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Thu, January 7, 2016

Better farming can save gorillas

January 7, 2015

Helping gorillas in Congo through community farming

Guinea pigs as part of a model farm in CongoGrauer’s gorillas, which are among the world’s most-endangered primates, are found only in the Democratic Republic of Congo. This region has been through 17 years of conflict and insecurity and as a consequence, illegal mining, deforestation, poaching and hunting have considerably increased.

In 2012, the Dian Fossey Gorilla Fund established a permanent research and conservation station in the core of Grauer’s gorilla’s range, between Kahuzi-Biega and Maiko National parks. In 2013, the Fossey Fund’s field teams collected data along a total of 99 transects (4 kilometers each) in a 700-square-kilometer area and found more than 150 gorillas, 200 chimpanzees and numerous other ecologically important species, including bongo antelope, forest buffalo, duiker, giant pangolin and small primates, living in this area.

But hunting and poaching pressures are high in this area and require immediate conservation measures. Bushmeat, which is the commonly used term for meat obtained from hunting wild animals, has traditionally been the main source of protein for local communities, and the bushmeat trade is one of the main sources of income in the region. However, with the increase in illegal mining camps in the region as well as greater demand from major cities in eastern Congo, hunting has increased considerably. As a result, wildlife populations have plummeted and communities in the area are suffering from limited diets. Children are showing signs of malnutrition due to lack of meat and nutritious vegetables, and family diets are largely limited to cassava roots and leaves and to critical small amounts of bushmeat.

To help address this situation and at the same time reduce human pressures on the animals and plants of the forest, in 2014 the Fossey Fund set up a pilot project aimed at increasing food alternatives through growing new crops with high nutritional value (such as beans, cabbage, eggplant, squash and rice) and raising food animals (including pigs, rabbit and guinea pigs).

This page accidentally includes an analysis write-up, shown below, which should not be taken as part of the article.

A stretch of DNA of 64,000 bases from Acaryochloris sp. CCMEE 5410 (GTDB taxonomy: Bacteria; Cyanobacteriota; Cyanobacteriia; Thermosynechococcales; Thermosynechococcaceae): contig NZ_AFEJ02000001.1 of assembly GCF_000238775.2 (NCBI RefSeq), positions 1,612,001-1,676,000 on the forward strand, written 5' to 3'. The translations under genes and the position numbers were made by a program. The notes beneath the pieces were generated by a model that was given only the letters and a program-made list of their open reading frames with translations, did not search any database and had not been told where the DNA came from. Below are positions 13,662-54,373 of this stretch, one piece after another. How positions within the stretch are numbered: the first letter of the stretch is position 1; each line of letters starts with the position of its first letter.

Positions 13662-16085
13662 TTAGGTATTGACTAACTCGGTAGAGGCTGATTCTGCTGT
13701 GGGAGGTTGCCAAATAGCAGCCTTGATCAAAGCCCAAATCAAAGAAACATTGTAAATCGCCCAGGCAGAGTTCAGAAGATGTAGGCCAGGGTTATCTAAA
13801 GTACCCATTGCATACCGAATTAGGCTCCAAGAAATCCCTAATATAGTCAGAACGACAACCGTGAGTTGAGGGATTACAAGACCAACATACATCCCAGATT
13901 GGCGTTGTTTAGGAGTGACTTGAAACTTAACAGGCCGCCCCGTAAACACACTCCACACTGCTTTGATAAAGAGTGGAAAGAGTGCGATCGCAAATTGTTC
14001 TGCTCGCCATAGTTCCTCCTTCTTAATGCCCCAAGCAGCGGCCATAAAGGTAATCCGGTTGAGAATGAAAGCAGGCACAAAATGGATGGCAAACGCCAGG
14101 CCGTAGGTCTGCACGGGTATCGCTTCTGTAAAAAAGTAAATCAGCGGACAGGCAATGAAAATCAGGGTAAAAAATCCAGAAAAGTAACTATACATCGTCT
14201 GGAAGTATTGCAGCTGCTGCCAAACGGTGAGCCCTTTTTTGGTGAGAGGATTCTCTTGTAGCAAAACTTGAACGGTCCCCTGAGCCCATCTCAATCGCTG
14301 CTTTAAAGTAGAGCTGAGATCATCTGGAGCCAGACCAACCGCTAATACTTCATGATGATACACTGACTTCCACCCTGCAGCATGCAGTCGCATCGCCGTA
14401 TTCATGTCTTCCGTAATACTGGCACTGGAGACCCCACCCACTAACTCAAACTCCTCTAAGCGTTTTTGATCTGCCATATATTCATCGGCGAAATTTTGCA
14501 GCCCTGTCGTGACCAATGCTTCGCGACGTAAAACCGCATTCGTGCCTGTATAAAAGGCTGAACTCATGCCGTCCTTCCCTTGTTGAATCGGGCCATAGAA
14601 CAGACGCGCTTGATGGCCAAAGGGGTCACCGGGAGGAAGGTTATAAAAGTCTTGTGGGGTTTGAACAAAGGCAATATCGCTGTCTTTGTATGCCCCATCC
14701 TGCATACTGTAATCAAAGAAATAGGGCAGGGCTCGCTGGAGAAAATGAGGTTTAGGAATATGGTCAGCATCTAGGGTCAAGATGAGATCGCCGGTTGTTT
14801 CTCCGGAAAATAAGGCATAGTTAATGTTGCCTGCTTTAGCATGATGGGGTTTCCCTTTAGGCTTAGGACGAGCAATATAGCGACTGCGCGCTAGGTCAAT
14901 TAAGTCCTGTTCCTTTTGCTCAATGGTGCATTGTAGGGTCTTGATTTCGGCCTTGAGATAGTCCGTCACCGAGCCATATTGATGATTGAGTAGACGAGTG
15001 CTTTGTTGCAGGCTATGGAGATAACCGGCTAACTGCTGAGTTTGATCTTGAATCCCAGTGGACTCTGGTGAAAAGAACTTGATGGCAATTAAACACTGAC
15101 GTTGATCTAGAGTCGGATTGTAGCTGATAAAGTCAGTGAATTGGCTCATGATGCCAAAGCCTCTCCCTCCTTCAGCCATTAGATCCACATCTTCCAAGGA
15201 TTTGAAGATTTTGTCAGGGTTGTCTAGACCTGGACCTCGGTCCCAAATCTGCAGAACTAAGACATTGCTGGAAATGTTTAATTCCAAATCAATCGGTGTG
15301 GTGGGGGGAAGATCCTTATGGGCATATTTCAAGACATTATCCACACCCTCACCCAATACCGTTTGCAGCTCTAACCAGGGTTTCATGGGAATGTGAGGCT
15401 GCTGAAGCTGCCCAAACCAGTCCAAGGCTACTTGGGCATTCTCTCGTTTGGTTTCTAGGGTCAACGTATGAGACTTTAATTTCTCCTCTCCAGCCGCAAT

Based on the success of the experimental phase of this project, in 2015 the Fossey Fund decided to move toward multi-faceted strategies by creating a “community conservation and development program” to accompany our gorilla research and conservation program in this part of Congo.

New program manager to focus on model farms

New program manager Gaetan MazomboGaetan Mazombo, an agronomist/engineer, has been hired as manager of this program. He has a great deal of experience in crop and animals raising, and has worked extensively with local community in agriculture and husbandry. In addition, he comes from the forest land of eastern Congo and shares a culture similar to that of the community in Nkuba, where our research base is located.

Gaetan’s work as community conservation and development program manager will focus on the three villages neighboring our conservation area — Biruwe, Nkuba and Mabeka — through economic development, capacity building and improved nutrition projects. This will include the following activities:

  • Assessing the volume and value of the bushmeat consumed locally and sold at local markets
  • Calculating the minimum volume and value of farmed meat and crops that need to be produced to efficiently compete with bushmeat
  • Creating a model family farm that allows producing these alternatives at a low cost
  • Assisting a minimum of four families in setting up their own farms. Women from these families will be trained and provided with basic farming equipment. Part of the production of these farms will be bought and consumed by Fossey Fund field teams, to guarantee a minimum income to these families.

The development of model farms is aimed at producing meat and crops at a lower cost so that they can compete with bushmeat at local markets. Information about these model farms (such as design, and animal/plant species) will be disseminated among the local communities and local organizations working in the area. We expect that the success of these four farms will lead more families to abandon bushmeat hunting and to build their own farms.

Urbain Ngobobo, the Fossey Fund’s Congo Program Director, says that along with our other programs, these community programs will help us increase protection of the Grauer’s gorillas and other biodiversity in the primary tropical forest where we are working, through the reduction of bushmeat hunting in the area. Results and information will be shared with local authorities, such as the government of DR Congo, the Congolese wildlife authority (Institut Congolais pour la Conservation de la Nature, ICCN), as well as scientists and conservation groups.

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